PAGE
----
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Veronika Mora, of the Okotars Foundation( Hungarian Environmental Partnership Foundation) speaks to CIVICUS about the Orban government’s clampdown on Hungarian civil society and their sources of funding.
1. What precipitated the recent challenges for civil society in Hungary?
The government of Prime Minister Viktor Orban has been steadily increasing its influence over media and civil society since 2010. In particular the government has been attempting to control sources of funding and has made a number of changes to the funding arrangements from the Norwegian funds. Earlier, 9 strands of funding within the mechanism were delivered by the Hungarian National Development Agency, but since early 2014 the government unilaterally shifted these funds to a new agency without prior consultation with the donor governments (besides Norway, Iceland and Liechtenstein).
Following the most recent election in April 2014, the government moved to challenge the Norwegian donor on the NGO Fund and wrote a letter to the Norwegian Government claiming that the NGO Fund was being used to support opposition political groups; and called for a re-negotiation of the bilateral Memorandum of Understanding.
20 August 2014. Global civil society alliance, CIVICUS, strongly condemns the continued denial of basic democratic freedoms by the military junta in Thailand and calls on the military to immediately remove unwarranted restrictions on civil society and the independent media.
Since the May 22 coup, the military junta led by the National Council for Peace and Order (NCPO) has overseen the wholesale suspension of fundamental civil liberties in an attempt to stifle criticism and popular protest. The NCPO’s continued invocation of overbroad legislation to criminalize dissent represents a severe breach of international human rights law.
Judicial persecution of human rights defenders
Despite firm constitutional protections against arbitrary detention, the NCPO has invoked restrictive legislation to endow the military with excessive powers to imprison human rights defenders and peaceful dissidents.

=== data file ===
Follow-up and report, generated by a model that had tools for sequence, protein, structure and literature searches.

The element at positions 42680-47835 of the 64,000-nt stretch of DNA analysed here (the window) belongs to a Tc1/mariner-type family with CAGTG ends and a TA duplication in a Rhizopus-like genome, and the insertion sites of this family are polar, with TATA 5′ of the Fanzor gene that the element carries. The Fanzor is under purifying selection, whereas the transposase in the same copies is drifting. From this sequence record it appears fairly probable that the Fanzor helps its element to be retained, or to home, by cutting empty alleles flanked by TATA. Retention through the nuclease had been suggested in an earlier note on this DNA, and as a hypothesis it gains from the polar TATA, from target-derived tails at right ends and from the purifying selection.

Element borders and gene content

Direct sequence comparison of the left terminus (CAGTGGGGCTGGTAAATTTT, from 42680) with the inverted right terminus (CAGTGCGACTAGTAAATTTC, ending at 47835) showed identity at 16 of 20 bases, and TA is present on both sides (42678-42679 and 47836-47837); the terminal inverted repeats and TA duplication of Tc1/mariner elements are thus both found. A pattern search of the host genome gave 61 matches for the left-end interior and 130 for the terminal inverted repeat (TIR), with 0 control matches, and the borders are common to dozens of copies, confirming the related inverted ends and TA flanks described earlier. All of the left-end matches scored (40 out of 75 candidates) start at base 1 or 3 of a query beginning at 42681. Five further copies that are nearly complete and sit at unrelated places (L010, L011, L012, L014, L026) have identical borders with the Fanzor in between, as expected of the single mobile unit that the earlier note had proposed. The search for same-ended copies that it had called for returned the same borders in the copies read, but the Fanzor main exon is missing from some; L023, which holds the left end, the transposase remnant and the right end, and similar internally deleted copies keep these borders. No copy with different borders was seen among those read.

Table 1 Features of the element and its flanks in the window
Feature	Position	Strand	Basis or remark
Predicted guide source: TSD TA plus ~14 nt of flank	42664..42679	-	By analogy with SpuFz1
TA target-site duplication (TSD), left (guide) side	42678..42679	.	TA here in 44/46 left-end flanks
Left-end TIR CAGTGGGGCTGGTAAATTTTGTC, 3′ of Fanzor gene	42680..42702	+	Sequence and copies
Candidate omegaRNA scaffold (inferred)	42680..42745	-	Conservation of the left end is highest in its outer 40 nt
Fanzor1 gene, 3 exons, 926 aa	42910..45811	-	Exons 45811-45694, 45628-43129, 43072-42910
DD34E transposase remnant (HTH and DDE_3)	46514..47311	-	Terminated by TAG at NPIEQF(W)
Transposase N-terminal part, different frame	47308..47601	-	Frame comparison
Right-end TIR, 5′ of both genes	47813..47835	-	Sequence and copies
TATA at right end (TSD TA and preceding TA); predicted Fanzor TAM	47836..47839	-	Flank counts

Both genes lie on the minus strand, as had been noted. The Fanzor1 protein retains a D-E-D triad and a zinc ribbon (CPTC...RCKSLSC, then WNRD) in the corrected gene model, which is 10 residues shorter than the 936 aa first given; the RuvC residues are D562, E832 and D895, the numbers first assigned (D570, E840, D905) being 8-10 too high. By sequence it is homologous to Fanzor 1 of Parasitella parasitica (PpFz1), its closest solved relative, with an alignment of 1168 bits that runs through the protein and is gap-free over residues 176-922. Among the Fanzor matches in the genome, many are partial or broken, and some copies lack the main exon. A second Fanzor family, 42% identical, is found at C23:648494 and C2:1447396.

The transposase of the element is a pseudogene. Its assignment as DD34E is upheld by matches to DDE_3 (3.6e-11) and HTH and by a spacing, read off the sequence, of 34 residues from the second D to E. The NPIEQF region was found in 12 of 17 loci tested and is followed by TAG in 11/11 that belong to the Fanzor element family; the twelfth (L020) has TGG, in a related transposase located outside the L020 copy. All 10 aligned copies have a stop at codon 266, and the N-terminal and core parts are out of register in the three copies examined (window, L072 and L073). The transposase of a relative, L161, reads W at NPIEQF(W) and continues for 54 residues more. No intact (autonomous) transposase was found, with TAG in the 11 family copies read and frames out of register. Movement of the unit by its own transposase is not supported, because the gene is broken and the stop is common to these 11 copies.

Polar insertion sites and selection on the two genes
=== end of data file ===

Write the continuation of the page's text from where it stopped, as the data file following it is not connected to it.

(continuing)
Under the 1949 Martial Law Act brought into force two days prior to the coup, the military is permitted to arrest and detain individuals without charge for up to seven days. Moreover, under an order issued by the NCPO on 25 May, military courts are authorized to oversee a number of crimes which previously fell under the jurisdiction of civilian courts. These include offences under the Criminal Code and those related to national security and sedition.
14 August 2014. The use of excessive force and arbitrary arrest of peaceful demonstrators and journalists in Ferguson, Missouri, USA, represents a severe breach of the right to freedom of assembly says global civil society alliance, CIVICUS.
“The authorities have a responsibility to protect and facilitate the right to peaceful assembly,” said Tor Hodenfield, Policy and Advocacy Officer at CIVICUS. “However, police in Ferguson have actively sought to undermine the ongoing protests in an apparent attempt to quash independent dissent.”
Over 50 people have been arrested and numerous others injured since peaceful demonstrations began on 11 August in Ferguson, Missouri, a suburb of the state capital, St. Louis. The protests stem from the fatal shooting of an unarmed African- American teenager, Michael Brown, by police officers on Saturday, 10 August. Protestors are calling for greater accountability for the shooting, including the immediate disclosure of the identity of the officer responsible.